Yea I’m getting old! Chill old is gold, anyways like the pharmaceutical companies say “your only as old as you feel”.
I often come across Muslims who say celebrating birthdays is absolutely impressible in Islam and it’s haraam and blah blah because your imitating the disbelievers.
Now I’m not a scholar so I decided to do some research on this and clarify some misconceptions. I’m tired of hearing people make their own rulings without backing it up with proof.
It’s important that we be very specific when we talk, if a brother or sister wants to go eat at a halal restaurant on his/her birthday with some friends, there is nothing haraam with that, come on!
Now what I discovered was it all comes down to intention, now outwardly it may seem wrong to celebrate birthday since the disbelievers do it also, but it depends on how you practice it.
Obviously if you engage in direct haraam practices on your birthday, then that’s now allowed. In terms of what’s allowed and what’s not, that’s clear like windex.
So it comes down to what exactly we mean by the word “Celebrate”
Go to chucky cheese, not the bar.
I was able to come across the legal rulings from renowned scholars, Shaykh Abdullah Bin Bayyah and Mufti Muhammad ibn Adam al-Kawthari:
Get your pen and pad ready, I was able to get a clear anwser from the fatwa bank at Islamonline.net in which a group of muftis said: ” Islam supports the celebration of birthdays if it is an expression of gratitude to Allah for His bounties, sustenance and blessings in man’s life, as long as that celebration does not include anything that may displease Allah, the Almighty.”
Here is what the other scholars say:
My man the renowned scholar Shaykh Abdullah Bin Bayyah (May Allah swt preserve him and all the rightly guided scholars) said:
“The holidays which are forbidden [for Muslims] to observe are those with religious overtones [such as Christmas and Easter*] not the festive gatherings people observe due to certain events. Therefore, people are allowed to celebrate wedding anniversaries, birthdays or any occasion as such celebrations are not related to religious holidays. It is imperative that we work to remove the confusion surrounding this misunderstanding and the doubts that have affected many people [regarding this issue]. [Because of this misunderstanding] people find hardship and difficulty in their religion. Especially when a religious minded person holds [such non religious celebrations] to be from the major sins or rejected acts when, in fact, they are not.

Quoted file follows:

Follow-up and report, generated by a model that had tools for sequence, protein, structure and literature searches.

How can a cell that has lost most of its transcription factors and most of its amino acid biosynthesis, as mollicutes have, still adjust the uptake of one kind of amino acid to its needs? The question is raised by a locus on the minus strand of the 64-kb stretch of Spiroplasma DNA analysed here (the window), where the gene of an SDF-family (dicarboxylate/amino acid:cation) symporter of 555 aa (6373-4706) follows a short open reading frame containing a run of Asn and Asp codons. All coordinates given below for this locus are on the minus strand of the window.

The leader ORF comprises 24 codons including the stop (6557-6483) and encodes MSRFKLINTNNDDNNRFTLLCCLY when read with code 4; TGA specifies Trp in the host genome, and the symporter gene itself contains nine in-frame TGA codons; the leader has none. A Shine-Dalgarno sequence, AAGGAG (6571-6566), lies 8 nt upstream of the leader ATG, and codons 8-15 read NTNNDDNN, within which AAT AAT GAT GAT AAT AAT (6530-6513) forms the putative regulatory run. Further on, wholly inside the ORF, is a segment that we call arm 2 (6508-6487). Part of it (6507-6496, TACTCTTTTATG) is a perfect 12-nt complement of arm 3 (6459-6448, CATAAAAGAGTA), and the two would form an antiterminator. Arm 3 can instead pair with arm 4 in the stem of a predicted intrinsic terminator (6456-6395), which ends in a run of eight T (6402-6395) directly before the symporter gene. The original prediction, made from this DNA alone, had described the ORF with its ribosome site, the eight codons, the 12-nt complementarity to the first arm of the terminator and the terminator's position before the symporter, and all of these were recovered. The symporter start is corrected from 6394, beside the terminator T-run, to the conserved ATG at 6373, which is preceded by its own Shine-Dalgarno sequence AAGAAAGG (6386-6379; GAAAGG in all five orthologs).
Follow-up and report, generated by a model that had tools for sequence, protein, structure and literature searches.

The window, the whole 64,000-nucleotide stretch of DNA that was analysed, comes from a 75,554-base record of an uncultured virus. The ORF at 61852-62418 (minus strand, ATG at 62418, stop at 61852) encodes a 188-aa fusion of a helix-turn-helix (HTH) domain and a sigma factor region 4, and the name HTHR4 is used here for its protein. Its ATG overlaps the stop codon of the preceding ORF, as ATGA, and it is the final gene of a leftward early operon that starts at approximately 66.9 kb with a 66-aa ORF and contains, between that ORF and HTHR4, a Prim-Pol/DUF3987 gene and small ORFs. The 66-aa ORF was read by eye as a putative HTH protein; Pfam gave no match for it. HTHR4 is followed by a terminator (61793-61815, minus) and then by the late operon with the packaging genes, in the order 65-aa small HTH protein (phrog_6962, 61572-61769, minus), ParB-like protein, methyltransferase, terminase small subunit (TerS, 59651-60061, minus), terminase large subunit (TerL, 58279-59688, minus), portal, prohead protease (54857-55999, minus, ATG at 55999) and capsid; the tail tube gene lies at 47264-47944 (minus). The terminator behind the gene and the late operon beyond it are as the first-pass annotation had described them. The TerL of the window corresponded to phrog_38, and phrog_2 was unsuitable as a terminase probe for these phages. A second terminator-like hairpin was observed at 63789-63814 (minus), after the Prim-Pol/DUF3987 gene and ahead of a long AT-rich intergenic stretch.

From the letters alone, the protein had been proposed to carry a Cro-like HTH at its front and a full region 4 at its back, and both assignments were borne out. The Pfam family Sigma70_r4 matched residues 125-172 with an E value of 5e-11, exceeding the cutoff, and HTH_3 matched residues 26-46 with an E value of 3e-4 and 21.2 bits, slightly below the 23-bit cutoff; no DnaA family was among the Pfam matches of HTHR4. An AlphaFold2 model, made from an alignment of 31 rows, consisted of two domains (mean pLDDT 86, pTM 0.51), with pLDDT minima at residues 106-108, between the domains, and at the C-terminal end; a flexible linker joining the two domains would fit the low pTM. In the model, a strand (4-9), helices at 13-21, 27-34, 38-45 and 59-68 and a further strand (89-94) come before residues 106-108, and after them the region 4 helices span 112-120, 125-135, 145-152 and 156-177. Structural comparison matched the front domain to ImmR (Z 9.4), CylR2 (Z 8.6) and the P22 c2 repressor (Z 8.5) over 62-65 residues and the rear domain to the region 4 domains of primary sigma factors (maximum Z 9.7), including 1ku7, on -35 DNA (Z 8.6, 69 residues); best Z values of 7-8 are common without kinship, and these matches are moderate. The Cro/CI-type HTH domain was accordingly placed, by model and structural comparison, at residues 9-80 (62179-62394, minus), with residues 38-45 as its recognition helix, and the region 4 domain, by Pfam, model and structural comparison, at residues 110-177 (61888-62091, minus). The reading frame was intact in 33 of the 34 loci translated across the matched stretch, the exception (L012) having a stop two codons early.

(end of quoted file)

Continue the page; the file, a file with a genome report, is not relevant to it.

Moving forward, below is a response from Mufi Muhammad
If the origins of birthday celebrations are connected to a particular faith, then there is no doubt in its impressibility. If, however, it has no connections with the faith of the non-Muslims, then (and Allah knows best) it seems that it would be permissible to celebrate it (provided the evils mentioned above are avoided).
If one thanks Allah and shows gratitude for being blessed with one more year of his life, thus expresses happiness and joy, then there is nothing wrong with that. (See: al-Fatawa al-Rahimiyya (urdu), 6/320).
Mufti Muhammad also mentioned if the birthday involves specific practices and adaptations of customs from the disbelievers like The lighting of candles on a cake that number the years of one’s life and then blowing on them (Allah swt knows best about the candles), playing of music, singing, extravagant and lavish spending, showing off, etc are all unlawful and forbidden practices. Thus, if birthdays are celebrated by adopting the above-mentioned customs, it will not be permissible.
Check the full reading here
Anyways, it all depends on what you do on your birthday, what’s the purpose and most importantly what intentions you have. If you don’t want to do anything on your birthday, then it’s all good.
At the end of the day, everyone needs to make their own decisions.
Pass the ice cream cake yo, just make sure it doesn’t have no haraam marshmallows in it, ha.
May Allah swt guide us to the straight path, Ameen.